HUNTINGTON — For 27 years, Wynona Maynor pressed seams and waistbands of Corbin Ltd. pants. The money from her job helped raise four kids.
Each summer, she helped her husband raise a big garden. She, her kids and her husband built a bathroom and kitchen onto their four-room house. They replaced the roof themselves.
Her life did not center on her job. "I was a mom and grandmom," she said. "We were just living our lives. But then this happened."
In 2001, Corbin's self-funded insurance quit paying employees' medical bills without telling them.
Maynor was local union president. One woman after another called her in tears, asking for help, telling her a hospital or doctor's office had threatened to sue or refused to see them. "They'd signed those papers that say if the company doesn't pay, you will," she said.
She stared making phone calls and sending out letters. Demands on her time quickly snowballed.
"It more or less took over her life, which was good for the rest of us, but I know it was hard on her," said fellow seamstress Willa Bias.
In the past two years, Maynor has spent hundreds — maybe thousands — of dollars she didn't have. She bought a small copier and a fax machine. She sent out hundreds of letters and called dozens of lawyers. She set up meetings with state officials and badgered the governor at a town meeting. She got the state Division of Labor to audit the Corbin debt records. Sen. Jay Rockefeller, D-W.Va., writes her letters that begin "Dear Wynona."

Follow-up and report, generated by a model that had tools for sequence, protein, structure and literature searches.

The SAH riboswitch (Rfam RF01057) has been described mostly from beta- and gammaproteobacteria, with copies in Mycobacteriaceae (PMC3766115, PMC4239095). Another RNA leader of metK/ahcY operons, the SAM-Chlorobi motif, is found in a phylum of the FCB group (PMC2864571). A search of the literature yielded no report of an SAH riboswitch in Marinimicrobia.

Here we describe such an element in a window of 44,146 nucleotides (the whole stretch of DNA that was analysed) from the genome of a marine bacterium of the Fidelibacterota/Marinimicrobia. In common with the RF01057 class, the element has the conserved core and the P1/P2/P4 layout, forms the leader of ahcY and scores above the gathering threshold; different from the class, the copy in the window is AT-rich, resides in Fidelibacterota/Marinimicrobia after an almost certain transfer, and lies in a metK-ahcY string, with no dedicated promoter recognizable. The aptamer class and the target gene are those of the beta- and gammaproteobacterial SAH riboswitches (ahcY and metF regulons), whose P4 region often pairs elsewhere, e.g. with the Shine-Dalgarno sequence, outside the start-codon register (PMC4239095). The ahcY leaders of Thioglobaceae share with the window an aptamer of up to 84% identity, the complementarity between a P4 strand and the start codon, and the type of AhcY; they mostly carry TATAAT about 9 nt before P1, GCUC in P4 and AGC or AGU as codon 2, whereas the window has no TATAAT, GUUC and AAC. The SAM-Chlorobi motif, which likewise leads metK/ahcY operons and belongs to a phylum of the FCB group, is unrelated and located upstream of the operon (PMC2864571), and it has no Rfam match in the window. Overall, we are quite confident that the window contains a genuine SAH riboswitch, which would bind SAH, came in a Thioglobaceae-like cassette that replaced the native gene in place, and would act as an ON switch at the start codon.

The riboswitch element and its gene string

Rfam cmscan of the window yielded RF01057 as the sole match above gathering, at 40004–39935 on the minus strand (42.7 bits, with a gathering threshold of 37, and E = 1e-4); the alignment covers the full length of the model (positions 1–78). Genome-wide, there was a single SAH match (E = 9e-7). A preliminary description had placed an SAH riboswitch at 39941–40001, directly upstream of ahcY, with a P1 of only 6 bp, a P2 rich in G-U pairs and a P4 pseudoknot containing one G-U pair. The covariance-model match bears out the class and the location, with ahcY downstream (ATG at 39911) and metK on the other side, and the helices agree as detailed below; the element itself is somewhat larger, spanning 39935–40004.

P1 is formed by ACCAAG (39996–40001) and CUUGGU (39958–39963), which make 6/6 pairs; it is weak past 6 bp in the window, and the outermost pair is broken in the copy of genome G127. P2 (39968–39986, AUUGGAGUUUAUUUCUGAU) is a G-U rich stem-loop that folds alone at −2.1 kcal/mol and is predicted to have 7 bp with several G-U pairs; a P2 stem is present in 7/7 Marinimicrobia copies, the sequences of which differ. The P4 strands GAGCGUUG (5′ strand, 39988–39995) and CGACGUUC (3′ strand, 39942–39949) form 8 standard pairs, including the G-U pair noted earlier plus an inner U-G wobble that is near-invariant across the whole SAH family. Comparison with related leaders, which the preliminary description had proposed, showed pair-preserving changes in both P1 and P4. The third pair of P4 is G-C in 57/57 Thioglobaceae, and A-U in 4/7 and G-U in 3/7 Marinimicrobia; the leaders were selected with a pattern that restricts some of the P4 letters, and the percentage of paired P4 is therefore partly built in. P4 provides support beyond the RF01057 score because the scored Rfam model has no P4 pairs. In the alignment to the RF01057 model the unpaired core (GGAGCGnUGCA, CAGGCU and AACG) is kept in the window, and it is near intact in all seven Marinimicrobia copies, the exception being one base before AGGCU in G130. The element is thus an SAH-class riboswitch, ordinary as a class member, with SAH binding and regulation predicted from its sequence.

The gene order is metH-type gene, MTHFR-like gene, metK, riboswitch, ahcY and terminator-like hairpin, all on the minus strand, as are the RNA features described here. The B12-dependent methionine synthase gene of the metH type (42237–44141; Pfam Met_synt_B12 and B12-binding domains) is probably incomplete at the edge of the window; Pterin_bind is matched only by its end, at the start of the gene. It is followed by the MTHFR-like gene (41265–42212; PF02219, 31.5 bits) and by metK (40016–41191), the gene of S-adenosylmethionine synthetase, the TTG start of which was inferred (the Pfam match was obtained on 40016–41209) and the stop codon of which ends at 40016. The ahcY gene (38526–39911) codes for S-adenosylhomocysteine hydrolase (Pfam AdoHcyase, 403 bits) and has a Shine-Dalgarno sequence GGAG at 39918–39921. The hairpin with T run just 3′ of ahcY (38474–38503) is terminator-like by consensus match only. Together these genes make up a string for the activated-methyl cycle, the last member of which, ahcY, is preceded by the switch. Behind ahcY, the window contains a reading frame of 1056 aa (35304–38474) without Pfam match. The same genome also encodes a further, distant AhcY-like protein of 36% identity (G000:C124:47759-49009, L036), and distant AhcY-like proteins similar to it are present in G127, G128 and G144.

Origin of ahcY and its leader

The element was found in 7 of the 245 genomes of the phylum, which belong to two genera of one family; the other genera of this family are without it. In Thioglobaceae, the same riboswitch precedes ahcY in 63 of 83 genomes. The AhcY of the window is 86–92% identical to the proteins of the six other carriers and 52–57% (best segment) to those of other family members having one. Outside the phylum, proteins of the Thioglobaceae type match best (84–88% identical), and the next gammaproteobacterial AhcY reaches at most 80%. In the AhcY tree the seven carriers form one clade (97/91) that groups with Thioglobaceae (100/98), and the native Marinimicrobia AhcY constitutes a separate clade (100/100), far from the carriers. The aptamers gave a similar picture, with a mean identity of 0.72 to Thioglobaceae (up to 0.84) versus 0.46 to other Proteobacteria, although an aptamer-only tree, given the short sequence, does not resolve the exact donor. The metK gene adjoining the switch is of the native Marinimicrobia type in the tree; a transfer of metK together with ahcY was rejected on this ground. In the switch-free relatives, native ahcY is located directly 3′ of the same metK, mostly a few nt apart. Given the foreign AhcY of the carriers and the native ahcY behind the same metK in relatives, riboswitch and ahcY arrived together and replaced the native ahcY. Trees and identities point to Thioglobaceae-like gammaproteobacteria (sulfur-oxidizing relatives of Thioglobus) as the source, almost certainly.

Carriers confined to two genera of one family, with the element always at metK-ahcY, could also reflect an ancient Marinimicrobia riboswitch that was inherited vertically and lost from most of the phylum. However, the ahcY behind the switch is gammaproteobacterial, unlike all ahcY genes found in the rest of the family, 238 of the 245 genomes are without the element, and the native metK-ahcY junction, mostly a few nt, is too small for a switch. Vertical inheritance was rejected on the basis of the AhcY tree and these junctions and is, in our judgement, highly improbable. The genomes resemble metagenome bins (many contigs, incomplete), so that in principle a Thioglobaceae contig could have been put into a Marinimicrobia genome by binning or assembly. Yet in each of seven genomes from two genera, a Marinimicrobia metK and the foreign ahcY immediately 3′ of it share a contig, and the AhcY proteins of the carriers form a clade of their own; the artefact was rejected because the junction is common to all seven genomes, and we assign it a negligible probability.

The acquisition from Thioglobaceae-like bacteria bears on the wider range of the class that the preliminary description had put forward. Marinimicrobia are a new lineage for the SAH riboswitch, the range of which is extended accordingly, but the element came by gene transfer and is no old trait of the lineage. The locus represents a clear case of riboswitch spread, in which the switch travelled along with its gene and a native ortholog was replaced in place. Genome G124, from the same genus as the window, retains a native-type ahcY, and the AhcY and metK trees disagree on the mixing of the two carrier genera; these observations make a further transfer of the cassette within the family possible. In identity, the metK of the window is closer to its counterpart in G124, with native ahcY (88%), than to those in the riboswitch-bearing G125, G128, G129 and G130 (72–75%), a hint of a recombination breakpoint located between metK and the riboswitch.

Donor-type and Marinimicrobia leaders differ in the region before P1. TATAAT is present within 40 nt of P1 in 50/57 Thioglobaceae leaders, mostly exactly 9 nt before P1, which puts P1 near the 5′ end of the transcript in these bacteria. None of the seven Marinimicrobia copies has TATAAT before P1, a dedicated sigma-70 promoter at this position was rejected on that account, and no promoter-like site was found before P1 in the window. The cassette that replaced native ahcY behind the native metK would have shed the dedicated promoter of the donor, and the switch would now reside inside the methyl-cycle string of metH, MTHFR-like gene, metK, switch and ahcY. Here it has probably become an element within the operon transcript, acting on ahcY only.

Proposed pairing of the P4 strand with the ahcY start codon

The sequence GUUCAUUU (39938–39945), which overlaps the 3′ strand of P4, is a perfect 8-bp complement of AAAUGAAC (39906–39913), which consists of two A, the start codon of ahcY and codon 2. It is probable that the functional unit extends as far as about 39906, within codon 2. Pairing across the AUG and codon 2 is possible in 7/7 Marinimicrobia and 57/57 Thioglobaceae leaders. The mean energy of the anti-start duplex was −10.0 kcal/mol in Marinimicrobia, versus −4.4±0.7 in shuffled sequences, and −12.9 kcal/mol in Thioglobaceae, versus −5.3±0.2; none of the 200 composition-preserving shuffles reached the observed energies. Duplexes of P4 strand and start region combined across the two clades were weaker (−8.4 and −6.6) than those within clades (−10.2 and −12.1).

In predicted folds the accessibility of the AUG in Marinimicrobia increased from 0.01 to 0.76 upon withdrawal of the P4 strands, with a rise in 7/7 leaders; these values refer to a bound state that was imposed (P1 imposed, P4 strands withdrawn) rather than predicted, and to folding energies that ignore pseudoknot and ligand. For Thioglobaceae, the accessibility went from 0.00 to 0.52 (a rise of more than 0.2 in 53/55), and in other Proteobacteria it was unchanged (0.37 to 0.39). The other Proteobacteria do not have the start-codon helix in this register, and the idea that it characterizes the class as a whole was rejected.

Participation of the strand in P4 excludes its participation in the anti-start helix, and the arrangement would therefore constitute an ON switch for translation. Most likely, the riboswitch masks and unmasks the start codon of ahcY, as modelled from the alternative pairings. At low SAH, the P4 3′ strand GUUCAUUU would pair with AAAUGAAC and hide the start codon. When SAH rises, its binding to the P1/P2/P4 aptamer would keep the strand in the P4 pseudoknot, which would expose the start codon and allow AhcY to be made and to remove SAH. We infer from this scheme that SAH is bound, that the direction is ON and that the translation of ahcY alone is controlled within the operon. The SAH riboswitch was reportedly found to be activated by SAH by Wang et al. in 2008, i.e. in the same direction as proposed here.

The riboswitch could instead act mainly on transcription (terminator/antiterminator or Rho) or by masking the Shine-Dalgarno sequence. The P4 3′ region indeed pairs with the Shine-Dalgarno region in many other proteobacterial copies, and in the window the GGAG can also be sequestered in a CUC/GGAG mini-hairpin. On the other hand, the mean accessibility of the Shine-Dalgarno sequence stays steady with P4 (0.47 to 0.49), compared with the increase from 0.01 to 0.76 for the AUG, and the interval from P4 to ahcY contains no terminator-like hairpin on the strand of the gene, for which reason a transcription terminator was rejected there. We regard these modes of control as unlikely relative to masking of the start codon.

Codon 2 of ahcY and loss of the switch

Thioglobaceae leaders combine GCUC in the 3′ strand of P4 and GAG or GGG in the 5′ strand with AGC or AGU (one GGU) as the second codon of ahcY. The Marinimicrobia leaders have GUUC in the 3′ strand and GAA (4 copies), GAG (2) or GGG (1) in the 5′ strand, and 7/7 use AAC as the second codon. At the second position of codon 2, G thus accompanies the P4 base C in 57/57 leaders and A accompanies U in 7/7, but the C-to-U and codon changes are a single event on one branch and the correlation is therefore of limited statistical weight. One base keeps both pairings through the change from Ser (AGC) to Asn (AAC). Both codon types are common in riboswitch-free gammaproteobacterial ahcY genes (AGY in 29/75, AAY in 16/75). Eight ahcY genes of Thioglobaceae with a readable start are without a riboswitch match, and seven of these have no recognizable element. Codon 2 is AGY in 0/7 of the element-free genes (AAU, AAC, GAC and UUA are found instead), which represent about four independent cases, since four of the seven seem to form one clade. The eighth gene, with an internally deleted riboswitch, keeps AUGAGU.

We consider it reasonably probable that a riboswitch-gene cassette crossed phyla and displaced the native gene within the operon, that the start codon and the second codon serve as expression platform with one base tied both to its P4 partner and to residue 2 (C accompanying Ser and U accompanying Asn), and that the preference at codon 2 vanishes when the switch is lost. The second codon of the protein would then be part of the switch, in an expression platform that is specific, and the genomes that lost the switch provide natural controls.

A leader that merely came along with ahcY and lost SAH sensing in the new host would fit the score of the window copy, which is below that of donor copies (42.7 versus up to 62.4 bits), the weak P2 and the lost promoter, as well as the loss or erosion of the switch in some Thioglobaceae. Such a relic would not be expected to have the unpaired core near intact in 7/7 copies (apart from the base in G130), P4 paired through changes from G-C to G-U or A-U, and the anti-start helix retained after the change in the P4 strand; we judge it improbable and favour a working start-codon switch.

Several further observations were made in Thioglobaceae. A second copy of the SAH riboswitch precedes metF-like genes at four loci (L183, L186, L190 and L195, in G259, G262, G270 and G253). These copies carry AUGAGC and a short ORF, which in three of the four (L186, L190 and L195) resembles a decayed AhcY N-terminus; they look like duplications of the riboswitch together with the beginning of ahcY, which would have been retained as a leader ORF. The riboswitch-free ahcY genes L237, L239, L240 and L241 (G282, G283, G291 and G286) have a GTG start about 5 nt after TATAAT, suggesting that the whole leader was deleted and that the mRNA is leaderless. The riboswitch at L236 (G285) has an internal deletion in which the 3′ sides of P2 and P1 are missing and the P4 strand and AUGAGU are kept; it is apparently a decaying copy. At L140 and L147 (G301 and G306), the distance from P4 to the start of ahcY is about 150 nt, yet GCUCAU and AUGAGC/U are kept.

Her home was soon awash with papers. She was constantly on the phone or computer. She brought the union file cabinet home. "My whole family was irritated with me for a year, because I pretty much lived, drank and slept this Corbin mess. It got kind of hard for them."
She was not saddled with a big debt. "$2,500. Nothing compared to some other people."
So why did she do all this?
"I just got mad," she said. "I worked with those people for years. We were like family. They didn't do anything wrong, and some of them, their lives have been wrecked.
"I don't want people thinking I'm a martyr or something. I never did anything like this before. It just happened to me. I did it because it's just not right."
"She has been a lifeline," said former Corbin seamstress Sheila Russell. "We all had ideas about what we could do, but she made them happen."
"She's not afraid of anybody," said Judy Newton. "She doesn't quit till she gets an answer."
Maynor says the memory of Barbara Nottingham inspires her. Nottingham worked for Corbin 33 years before she died of an aneurysm in 2003.
"She spent her last year frantic about leaving these debts to her family," Maynor said. "She called me every day, and when I get exhausted, I think of her and get mad again.